The Environment Agency - England and Wales

Britain’s largest water company prosecuted for 5km river pollution

A water company whose careless operational practices decimated the aquatic life in an iconic urban river has been fined GBP 125,000 and ordered to pay GBP 21,335 in clean up and investigation costs. Thames Water Utilities Limited, Britain’s largest water company, pleaded guilty at an earlier hearing to allowing a large quantity of industrial strength chlorine to spill into the River Wandle from its Beddington Sewage Treatment Works near Mitcham, South London in September 2007.

It took three days for Environment Agency officers, helped by members of the Wandle Trust and local angling clubs, to remove some two tonnes of dead fish from the river. An experienced Environment Agency officer at the scene said that it was the worst pollution incident he had ever dealt with.

Croydon Crown Court heard that on 17 September 2007 Environment Agency officers received reports from local residents and anglers of hundreds of dead and distressed fish in the River Wandle in the Mitcham area. The residents also reported a strong smell of chlorine, and the water turning a milky colour. Local people along the river attempted to rescue some of the distressed fish by transferring them from the river into buckets of clean water, but they were too late. One local man rescued a large number of eels, but found they were bleeding from the gills and they all later died.   

The pollution spread downstream for nearly 5km and had a catastrophic impact, killing the majority of the fish in the river, including chub, roach, dace, gudgeon, barbel and eel. It also bleached and killed much of the normally green vegetation that grows along the channel bed. It affected the Wandle’s highly valued recreational areas such as Poulter Park, Ravensbury Park and the National Trust site at Morden Hall Park.

The River Wandle is a well known chalk stream and tributary of the River Thames that flows through parts of Mitcham, Morden, Wimbledon and Wandsworth in South West London, cutting a green swathe through these heavily urbanised areas. Historically the river has suffered extreme pollution and was officially declared a sewer in the 1960s. But over the last 20 years it has become a vibrant rich habitat due to better environmental regulation, a fish stocking programme and huge local enthusiasm for the river which has resulted in a vast improvement of water quality.

Before the pollution in 2007 the Wandle had become well known as one of the best urban coarse fisheries in the country which supports wide a variety of species. It could take up to 10 years for the river to fully recover and the fish stocks to return to pre- incident standards.

Handing down the fine at Croydon Crown Court Ms Recorder Wickham described the incident as “a 5km tragedy for the River Wandle”.

Environment Officer Peter Ehmann – who was one of the first on the scene, said: “This pollution effectively wiped out 20 years of painstaking restoration work on the River Wandle. For many years individuals and organisations, including the Environment Agency and the Wandle Trust, have achieved great improvements to water quality and aquatic life in the Wandle. This incident is a major set back to all their hard work.”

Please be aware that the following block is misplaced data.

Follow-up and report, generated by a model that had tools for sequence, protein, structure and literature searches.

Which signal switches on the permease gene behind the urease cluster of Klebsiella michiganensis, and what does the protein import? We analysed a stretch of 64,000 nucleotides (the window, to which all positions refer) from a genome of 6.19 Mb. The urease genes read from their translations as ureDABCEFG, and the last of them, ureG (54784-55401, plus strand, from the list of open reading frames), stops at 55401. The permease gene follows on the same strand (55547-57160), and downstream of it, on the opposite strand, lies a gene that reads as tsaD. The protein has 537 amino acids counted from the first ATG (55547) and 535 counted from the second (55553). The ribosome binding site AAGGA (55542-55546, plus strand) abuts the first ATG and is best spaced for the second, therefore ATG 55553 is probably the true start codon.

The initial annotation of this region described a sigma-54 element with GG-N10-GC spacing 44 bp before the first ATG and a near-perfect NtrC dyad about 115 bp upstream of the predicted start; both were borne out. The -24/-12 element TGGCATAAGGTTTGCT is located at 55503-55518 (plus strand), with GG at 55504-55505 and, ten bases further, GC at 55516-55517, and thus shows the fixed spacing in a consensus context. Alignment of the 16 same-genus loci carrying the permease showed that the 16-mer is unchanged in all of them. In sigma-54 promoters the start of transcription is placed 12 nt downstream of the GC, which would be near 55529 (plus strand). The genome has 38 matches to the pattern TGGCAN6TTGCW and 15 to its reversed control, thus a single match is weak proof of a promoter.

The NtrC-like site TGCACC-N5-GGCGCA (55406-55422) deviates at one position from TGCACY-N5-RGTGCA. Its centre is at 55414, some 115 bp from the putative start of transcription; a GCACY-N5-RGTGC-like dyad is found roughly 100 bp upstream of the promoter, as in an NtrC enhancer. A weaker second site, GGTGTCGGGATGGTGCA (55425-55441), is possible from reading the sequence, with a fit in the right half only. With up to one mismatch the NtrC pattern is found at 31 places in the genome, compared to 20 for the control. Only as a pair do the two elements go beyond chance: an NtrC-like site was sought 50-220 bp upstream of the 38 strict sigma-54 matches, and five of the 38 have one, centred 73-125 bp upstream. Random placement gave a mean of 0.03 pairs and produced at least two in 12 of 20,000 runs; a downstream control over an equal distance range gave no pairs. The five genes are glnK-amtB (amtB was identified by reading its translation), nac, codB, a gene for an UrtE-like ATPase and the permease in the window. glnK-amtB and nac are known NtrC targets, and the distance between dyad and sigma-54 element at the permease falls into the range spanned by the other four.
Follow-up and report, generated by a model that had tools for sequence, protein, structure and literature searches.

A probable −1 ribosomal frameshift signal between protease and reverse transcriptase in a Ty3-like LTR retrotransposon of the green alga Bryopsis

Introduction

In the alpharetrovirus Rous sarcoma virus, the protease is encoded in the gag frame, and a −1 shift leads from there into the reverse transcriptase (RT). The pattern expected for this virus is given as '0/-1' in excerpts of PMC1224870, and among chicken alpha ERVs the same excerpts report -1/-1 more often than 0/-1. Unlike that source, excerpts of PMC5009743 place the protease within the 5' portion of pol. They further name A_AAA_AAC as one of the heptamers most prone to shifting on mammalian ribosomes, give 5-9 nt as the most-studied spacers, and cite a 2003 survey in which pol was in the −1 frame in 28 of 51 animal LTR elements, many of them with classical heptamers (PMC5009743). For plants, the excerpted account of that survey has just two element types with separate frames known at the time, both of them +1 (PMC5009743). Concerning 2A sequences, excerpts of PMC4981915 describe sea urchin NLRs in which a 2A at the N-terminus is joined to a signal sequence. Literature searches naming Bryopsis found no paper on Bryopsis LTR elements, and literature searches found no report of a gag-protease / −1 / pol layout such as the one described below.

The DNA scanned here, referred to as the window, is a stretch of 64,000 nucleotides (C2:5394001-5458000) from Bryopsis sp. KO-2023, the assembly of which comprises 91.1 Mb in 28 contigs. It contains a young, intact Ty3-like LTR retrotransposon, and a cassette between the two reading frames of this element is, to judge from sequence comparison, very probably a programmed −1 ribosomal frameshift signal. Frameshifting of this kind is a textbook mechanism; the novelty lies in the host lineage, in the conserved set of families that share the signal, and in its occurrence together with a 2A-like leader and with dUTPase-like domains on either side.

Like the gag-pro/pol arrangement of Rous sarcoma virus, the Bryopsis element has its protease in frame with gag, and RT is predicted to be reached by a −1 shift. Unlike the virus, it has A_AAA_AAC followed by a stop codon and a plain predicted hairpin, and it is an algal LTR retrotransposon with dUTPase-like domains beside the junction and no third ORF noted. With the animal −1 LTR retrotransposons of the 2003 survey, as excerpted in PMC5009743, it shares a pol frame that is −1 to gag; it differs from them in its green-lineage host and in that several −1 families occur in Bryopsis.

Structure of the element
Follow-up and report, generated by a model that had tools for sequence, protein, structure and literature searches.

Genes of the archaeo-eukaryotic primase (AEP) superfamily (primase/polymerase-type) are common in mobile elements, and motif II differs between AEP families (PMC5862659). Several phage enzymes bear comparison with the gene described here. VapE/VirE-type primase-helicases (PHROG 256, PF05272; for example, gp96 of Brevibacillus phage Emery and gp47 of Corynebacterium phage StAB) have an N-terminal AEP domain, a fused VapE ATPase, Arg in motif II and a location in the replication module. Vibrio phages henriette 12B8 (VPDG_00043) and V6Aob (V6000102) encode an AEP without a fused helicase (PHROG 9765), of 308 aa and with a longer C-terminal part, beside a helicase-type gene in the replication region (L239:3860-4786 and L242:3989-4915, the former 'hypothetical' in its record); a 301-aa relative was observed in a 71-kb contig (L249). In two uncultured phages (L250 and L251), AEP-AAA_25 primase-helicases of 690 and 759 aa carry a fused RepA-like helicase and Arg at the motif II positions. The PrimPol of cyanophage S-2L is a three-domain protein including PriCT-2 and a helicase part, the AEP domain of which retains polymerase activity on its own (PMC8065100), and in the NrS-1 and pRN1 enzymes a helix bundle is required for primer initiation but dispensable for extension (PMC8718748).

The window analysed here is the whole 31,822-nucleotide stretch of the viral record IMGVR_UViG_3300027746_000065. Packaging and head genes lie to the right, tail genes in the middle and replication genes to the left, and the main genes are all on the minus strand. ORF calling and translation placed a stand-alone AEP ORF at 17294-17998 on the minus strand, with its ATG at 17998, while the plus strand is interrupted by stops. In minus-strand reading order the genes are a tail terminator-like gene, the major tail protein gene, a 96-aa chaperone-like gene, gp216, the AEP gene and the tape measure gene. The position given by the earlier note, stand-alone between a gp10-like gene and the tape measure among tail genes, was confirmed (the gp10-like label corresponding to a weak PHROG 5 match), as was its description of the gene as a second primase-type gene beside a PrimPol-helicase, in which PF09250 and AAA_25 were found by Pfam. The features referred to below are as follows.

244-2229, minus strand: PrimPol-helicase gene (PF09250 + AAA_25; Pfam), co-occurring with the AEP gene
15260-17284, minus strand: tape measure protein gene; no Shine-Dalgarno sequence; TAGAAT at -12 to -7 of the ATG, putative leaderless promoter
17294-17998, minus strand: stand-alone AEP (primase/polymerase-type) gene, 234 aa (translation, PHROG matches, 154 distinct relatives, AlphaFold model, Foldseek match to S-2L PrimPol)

A Thames Water Utilities Director was formally interviewed by Environment Agency officers on the 28 November 2007 and confirmed that sodium hypochlorite (chlorine) was released from Beddington Sewage Treatment Works during a cleaning operation of the tertiary treatment plant.

A Thames Water scientist on site noticed the strong smell of chlorine in the outlet channel and instructed the staff cleaning the plant to stop their work, before informing the site manager. The site manager decided that ‘very limited damage’ would occur to the environment and they would deal with the incident internally. The Environment Agency was not informed. It was not until members of the public reported the incident to Thames Water more than an hour and a quarter later that they realised the severity of the pollution.

After the sentencing Mr Ehmann said: “We are pleased that the court has recognised the gravity of this incident and hope that other operators to ensure they have appropriate procedures in place to better protect their local environment and community.”

Ed Mitchell, Head of Environmental Protection regulation at the Environment Agency said: “A pollution incident of this size and nature is rare now due to tighter and more effective environmental legislation, regulation and greater public awareness of the environment. However, we still take rigorous enforcement action against any company polluting the environment, no matter how large or small the scale of the incident.  We successfully prosecuted 176 companies in 2008, totaling over £2 million in fines. We successfully prosecuted 209 individuals; including 19 company directors.”

'The Environment Agency is putting pressure on water companies in England and Wales to invest more in maintenance to improve the environment and reduce the risk of pollution incidents. In 2007, water companies were responsible for one fifth of all serious pollution incidents – many of which were caused by poorly maintained, overloaded or ageing sewerage infrastructure.'

In sentencing Thames Water the Court took into account the company’s early guilty plea and its work with the Environment Agency on the River Wandle since the incident.

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